Product inspection and protection in the bakery industry

Posted October 28, 2011 in Product Inspection
Product Inspection in the Bakery Industry

Effective product protection is essential in the bakery industry these days. Bakers have to ensure that their products are free from metal contamination for the safety and wellbeing of their customers, and also deliver a quality product. The application of quality control and product inspection is monitored at every stage of the manufacturing process, and regulators expect nothing less than the highest standards of safety. To ensure that these standards are maintained the quality control practices are verified and assured by independent inspectors such as the European Food Safety Inspection Service (Efsis) and British Retail Corporation (BRC).

There has been considerable innovation in the bakery sector in recent times, with the traditional staple of sliced bread making way for an array of exciting breads and baked products that have appealed to consumers' increasingly sophisticated tastes. These developments have created the need for total product inspection solutions. Manufacturers of metal detection equipment and product protection systems has responded to this challenge, by producing a range of customised metal detectors that guarantee the very highest levels of product quality and brand integrity.

Why does metal detection in the bakery industry present such a challenge? 

•    The bakery industry is unusual in that it deals with products that both vary in temperature and moisture content. These difficulties can potentially give false triggers and lead to the rejection of perfectly good produce.
•    The bakery industry often has to manage multiple products on the same process or packing line. This diversity demands frequent adjustment of machine settings during product changeovers.

Any metal detector used in this production process has to be accurate, easy to configure and maintain and be able to provide consistency and stability on production lines. The very best metal detectors on the market today utilise a unique “change free running mode” that enables the settings of multiple products to be combined, thus eliminating the need to re-set the machine during product changeovers. The most important requirement for any reliable metal detector is the ability to generate a stable and perfectly balanced electromagnetic field. The new mechanised production techniques employed by the bakery industry have contributed significantly to a major transformation in the design and performance of metal detection equipment to ensure field stability.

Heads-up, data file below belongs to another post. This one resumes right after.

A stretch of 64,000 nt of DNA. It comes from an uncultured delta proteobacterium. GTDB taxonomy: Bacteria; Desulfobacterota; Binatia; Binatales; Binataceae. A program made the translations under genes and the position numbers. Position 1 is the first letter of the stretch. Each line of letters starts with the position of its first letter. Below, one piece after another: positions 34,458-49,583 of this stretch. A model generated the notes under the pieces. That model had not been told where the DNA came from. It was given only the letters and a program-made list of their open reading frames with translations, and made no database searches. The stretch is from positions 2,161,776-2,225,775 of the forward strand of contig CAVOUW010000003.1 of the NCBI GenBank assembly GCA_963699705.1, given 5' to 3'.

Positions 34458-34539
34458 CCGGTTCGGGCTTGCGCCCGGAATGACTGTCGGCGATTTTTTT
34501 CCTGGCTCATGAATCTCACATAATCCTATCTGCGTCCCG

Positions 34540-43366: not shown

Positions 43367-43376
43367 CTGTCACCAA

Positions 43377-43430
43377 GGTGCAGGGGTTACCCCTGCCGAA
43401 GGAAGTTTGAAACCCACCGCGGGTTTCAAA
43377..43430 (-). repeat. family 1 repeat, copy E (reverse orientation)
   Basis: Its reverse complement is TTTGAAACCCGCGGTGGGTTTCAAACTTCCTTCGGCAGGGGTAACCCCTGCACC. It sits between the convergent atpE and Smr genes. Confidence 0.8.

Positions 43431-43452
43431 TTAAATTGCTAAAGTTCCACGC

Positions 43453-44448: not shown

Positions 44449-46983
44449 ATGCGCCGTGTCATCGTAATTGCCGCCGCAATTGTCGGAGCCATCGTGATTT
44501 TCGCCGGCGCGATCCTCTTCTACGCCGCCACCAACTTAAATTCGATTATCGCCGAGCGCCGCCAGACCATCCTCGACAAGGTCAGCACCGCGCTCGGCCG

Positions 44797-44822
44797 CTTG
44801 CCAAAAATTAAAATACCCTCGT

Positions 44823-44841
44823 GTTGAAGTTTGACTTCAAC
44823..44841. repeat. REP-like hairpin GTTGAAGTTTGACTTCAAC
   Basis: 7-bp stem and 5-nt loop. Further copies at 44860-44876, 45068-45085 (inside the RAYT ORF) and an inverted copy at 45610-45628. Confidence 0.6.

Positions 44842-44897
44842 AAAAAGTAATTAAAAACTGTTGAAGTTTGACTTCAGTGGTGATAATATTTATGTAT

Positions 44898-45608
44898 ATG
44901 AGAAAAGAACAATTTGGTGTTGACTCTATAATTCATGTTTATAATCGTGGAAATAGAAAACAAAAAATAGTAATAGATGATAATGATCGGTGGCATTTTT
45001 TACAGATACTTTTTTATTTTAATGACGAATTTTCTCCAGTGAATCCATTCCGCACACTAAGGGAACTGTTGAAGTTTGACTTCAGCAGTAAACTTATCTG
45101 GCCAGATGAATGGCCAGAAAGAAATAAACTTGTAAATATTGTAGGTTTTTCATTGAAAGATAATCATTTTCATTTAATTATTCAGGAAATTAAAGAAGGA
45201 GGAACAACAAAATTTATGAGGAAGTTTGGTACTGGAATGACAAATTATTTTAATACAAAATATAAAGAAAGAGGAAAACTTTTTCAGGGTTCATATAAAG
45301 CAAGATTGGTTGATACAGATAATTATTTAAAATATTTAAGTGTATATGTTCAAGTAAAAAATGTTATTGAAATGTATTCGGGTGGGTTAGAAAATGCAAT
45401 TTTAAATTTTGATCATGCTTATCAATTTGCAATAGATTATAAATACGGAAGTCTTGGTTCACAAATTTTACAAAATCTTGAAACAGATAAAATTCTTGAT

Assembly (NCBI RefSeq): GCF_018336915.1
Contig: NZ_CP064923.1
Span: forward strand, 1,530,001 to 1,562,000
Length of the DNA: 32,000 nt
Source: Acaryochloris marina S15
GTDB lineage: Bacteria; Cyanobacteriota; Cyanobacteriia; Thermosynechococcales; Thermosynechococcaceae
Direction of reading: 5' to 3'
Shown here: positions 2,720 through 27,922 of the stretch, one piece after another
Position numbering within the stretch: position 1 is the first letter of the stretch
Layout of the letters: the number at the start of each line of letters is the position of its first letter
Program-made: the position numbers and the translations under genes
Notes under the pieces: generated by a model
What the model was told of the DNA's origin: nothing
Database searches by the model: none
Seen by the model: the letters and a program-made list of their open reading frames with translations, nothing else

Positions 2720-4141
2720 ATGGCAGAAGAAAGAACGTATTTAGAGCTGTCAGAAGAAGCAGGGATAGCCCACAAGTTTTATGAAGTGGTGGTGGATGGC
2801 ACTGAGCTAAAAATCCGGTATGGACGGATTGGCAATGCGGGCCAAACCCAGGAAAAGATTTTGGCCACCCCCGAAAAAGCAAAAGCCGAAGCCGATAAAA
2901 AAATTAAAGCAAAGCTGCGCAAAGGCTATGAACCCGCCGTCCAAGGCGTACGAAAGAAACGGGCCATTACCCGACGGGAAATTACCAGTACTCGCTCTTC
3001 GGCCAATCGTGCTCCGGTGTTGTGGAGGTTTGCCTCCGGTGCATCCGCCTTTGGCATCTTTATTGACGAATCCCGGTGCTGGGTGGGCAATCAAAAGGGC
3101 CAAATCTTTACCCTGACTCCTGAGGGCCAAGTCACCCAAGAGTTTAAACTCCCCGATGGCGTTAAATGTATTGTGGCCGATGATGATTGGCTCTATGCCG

In recent years, this has led to major investment by companies like Lock Inspection, one of the world’s leading metal detector and product inspection manufacturers, to move away from the traditional hand built methods to automated production techniques, thus ensuring that the metal detector is accurately assembled with reliable repeatability and perfectly formed coil assemblies which do not require pre-balancing during manufacture or re-balancing when installed in the food processing line. The introduction of programmable laser profiling machines, programmable case bending machines to control internal stresses, automated case alignment and programmable welding machines have all enhanced the performance and reliability of modern metal detectors.

How does the inspection process work?

Baked loaves are transported along a conveyor and are inspected for metal contamination as they pass through the aperture of the metal detector. Metal contamination can either be present in raw materials or can be introduced during manufacturing processes. If metal is detected, a reject device operates and pushes the contaminated loaf directly into a reject bin. The product can be rejected by a number of different methods, depending upon the specification of the machine used. It can be ejected by an air blast, a pushing mechanism, a diverter arm, a lift-flap, a driven drop-flap or a retracting band reject option. The suspect product is then examined with sophisticated software to determine the nature of the contamination:  the possible causes of contamination can then be investigated and rectified.